Amy Stone stared at the little box on her computer screen where her mouse pointer was meant to click, her momentum suddenly stunted. Stone, who is set to graduate from the City University of New York's Lehman College this spring, was applying to a master's program at Fordham University, but one question on the application would require her to relive a crime she had committed over a decade earlier, something she's worked hard to put behind her.
In 2004, Stone was arrested on drug charges and would spend the next two years in jail. At the time, she was 28 years old and three weeks pregnant with her second child, whom she gave birth to while serving her sentence. While in jail, Stone said she had a "wake-up call" and decided it was time to turn her life around.
After her release in 2006, she entered a substance abuse program, became a credentialed alcohol and substance abuse counselor, and earned her Associate's degree at LaGuardia Community College.
After taking so many steps to distance herself from the person she was in 2004, Stone found the Fordham University application question about criminal history off-putting. Stone is expected to graduate from CUNY at the top of her class with a bachelor's degree in social work, so for her, disclosing her 2004 arrest seemed irrelevant. "How much do we have to keep proving ourselves to be rehabilitated?" she said in a phone interview with Mic.
Stone's story is many people's story.
Stone is hardly the first person to contemplate this question. In fact, there's a growing movement to have the criminal history query eliminated from U.S. college applications altogether. Advocates call it Abolish the Box, which is directly aimed at the removal of the Common Application question that asks if applicants have been found guilty of a "misdemeanor, felony or other crime" or a "disciplinary violation" at any educational institution, including their high school. With over 600 colleges using the Common App and about 70 million Americans with criminal records, the number of people affected by the box is potentially statistically significant and disproportionately affects minority and underprivileged applicants, according to the New York Times.
According to the New York City non-profit Center for Community Alternatives, "more people who check the box are excluded from college because of the box and/ or the supplemental information requirements than are actually rejected by the Admissions Review Committees."
For applicants with a criminal record, checking that box requires more than a simple click of the mouse. Applicants who indicate "yes" are asked to detail their crimes, down to the exact dates they occurred, Stone said.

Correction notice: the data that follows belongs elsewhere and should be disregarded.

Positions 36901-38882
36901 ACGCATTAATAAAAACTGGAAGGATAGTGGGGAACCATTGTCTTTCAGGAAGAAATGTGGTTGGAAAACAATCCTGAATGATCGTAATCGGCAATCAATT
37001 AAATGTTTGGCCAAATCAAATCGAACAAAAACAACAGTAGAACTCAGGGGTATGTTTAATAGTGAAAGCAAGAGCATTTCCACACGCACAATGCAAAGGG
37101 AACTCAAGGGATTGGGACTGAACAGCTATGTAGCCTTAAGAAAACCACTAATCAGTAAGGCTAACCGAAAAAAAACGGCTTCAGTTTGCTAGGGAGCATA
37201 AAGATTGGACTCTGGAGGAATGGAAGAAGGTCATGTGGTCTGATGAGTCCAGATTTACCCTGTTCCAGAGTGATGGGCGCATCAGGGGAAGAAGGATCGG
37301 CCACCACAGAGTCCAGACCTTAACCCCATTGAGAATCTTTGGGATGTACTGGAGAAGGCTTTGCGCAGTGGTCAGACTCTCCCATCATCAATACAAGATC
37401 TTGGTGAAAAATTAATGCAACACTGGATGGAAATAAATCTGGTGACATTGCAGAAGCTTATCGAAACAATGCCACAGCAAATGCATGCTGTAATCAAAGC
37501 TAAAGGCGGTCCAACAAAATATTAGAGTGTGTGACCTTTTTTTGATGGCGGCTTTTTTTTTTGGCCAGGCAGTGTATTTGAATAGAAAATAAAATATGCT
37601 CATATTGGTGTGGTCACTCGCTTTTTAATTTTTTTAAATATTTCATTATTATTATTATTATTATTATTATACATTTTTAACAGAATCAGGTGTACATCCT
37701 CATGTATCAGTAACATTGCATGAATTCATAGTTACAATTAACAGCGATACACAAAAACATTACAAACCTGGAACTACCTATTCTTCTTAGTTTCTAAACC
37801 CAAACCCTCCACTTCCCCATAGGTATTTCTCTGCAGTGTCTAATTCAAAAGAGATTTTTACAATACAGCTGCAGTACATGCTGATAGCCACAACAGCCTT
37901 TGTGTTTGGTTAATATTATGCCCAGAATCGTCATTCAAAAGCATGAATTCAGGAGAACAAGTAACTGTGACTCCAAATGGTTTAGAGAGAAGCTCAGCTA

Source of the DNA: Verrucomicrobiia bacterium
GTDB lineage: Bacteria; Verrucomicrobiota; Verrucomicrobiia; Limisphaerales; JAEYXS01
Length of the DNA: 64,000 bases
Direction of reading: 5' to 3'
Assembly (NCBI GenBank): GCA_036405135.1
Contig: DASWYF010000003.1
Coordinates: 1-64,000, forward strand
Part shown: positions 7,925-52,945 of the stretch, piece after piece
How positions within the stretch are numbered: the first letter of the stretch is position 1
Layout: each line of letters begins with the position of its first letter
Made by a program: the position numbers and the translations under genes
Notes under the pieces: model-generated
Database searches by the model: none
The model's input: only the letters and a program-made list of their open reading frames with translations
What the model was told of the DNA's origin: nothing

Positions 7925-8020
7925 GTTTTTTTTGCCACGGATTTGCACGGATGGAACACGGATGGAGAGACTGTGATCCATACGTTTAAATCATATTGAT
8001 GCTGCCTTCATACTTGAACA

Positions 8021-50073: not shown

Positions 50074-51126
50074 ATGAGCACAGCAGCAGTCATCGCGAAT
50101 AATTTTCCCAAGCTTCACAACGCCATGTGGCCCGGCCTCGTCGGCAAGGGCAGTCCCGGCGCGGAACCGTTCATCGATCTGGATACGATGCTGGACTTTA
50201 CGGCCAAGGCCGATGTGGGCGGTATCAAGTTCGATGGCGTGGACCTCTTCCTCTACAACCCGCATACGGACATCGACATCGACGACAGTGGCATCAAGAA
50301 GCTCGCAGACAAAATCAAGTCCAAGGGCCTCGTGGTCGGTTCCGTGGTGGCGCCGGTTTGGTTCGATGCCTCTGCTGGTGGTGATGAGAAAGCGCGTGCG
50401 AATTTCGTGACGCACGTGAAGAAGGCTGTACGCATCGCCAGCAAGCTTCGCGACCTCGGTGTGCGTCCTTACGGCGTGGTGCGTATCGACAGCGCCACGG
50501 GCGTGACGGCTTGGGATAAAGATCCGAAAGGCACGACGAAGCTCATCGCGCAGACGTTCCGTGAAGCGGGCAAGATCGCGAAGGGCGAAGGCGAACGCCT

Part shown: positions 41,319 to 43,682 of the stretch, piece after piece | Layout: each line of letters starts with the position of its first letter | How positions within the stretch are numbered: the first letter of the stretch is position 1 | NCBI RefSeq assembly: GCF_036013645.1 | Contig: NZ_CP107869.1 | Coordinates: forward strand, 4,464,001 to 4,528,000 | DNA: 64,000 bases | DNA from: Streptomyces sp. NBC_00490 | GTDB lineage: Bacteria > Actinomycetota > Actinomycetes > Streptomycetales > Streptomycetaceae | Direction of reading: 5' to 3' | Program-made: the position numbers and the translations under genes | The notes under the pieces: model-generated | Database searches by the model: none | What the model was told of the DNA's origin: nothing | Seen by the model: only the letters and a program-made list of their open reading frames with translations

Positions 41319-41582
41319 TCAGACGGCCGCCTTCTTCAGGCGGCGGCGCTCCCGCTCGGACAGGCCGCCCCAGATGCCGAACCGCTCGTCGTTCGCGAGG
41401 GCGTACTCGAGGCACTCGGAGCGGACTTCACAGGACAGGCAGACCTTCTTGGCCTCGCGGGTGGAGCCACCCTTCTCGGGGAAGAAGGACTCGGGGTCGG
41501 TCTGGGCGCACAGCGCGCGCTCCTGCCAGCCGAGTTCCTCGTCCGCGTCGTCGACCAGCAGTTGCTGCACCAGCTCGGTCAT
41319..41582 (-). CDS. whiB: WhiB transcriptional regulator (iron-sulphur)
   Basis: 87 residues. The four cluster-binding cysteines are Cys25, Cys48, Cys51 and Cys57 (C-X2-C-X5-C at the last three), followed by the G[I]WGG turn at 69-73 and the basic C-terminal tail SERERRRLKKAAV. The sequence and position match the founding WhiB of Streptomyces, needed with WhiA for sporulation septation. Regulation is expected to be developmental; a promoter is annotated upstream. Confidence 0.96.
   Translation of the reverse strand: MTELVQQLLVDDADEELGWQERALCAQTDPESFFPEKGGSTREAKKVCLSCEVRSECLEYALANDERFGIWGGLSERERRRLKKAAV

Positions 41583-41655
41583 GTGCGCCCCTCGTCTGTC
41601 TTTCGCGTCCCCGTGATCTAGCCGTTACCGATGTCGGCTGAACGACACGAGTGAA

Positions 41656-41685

"Whether it happened a year ago or 20 years ago makes no difference," she said. "Why should I have to continue to explain and why should I not be given the same opportunity as someone else to either educate or have the right to gain rightful employment?" Often times, the box discourages potential students to finish the application. Some applicants end up lying.
Around 2006, Common App added "the box" as Americans' concern for campus safety grew, catalyzed in part by a series of deadly campus shootings in the early decade (Common App announced earlier this month that it would drop the "other crime" part of the question by fall 2016 because of ambiguity, according to the Associated Press). Recently, the conversation around the box has reached a national level — increasingly, more college students across the country, from Harvard University to the University of Washington, are staging rallies and sit-ins (at NYU, one such sit-in lasted 36 hours) to call on educators to remove the box.
Advocates say the box does little to end discrimination in the education system.
Much of the criticism of the Common App question stems from the idea that the U.S. justice system is inherently racist; black Americans, for instance, are incarcerated nearly six times more than white Americans. Advocates of Abolish the Box say the question puts an unfair burden on marginalized communities, including minorities and undocumented immigrants. In some ways, the box is one barrier people with criminal records face upon reentering society. Without a higher education, criminals are 43.3% more likely to end up in jail again, creating a self-perpetuating cycle of social inequality.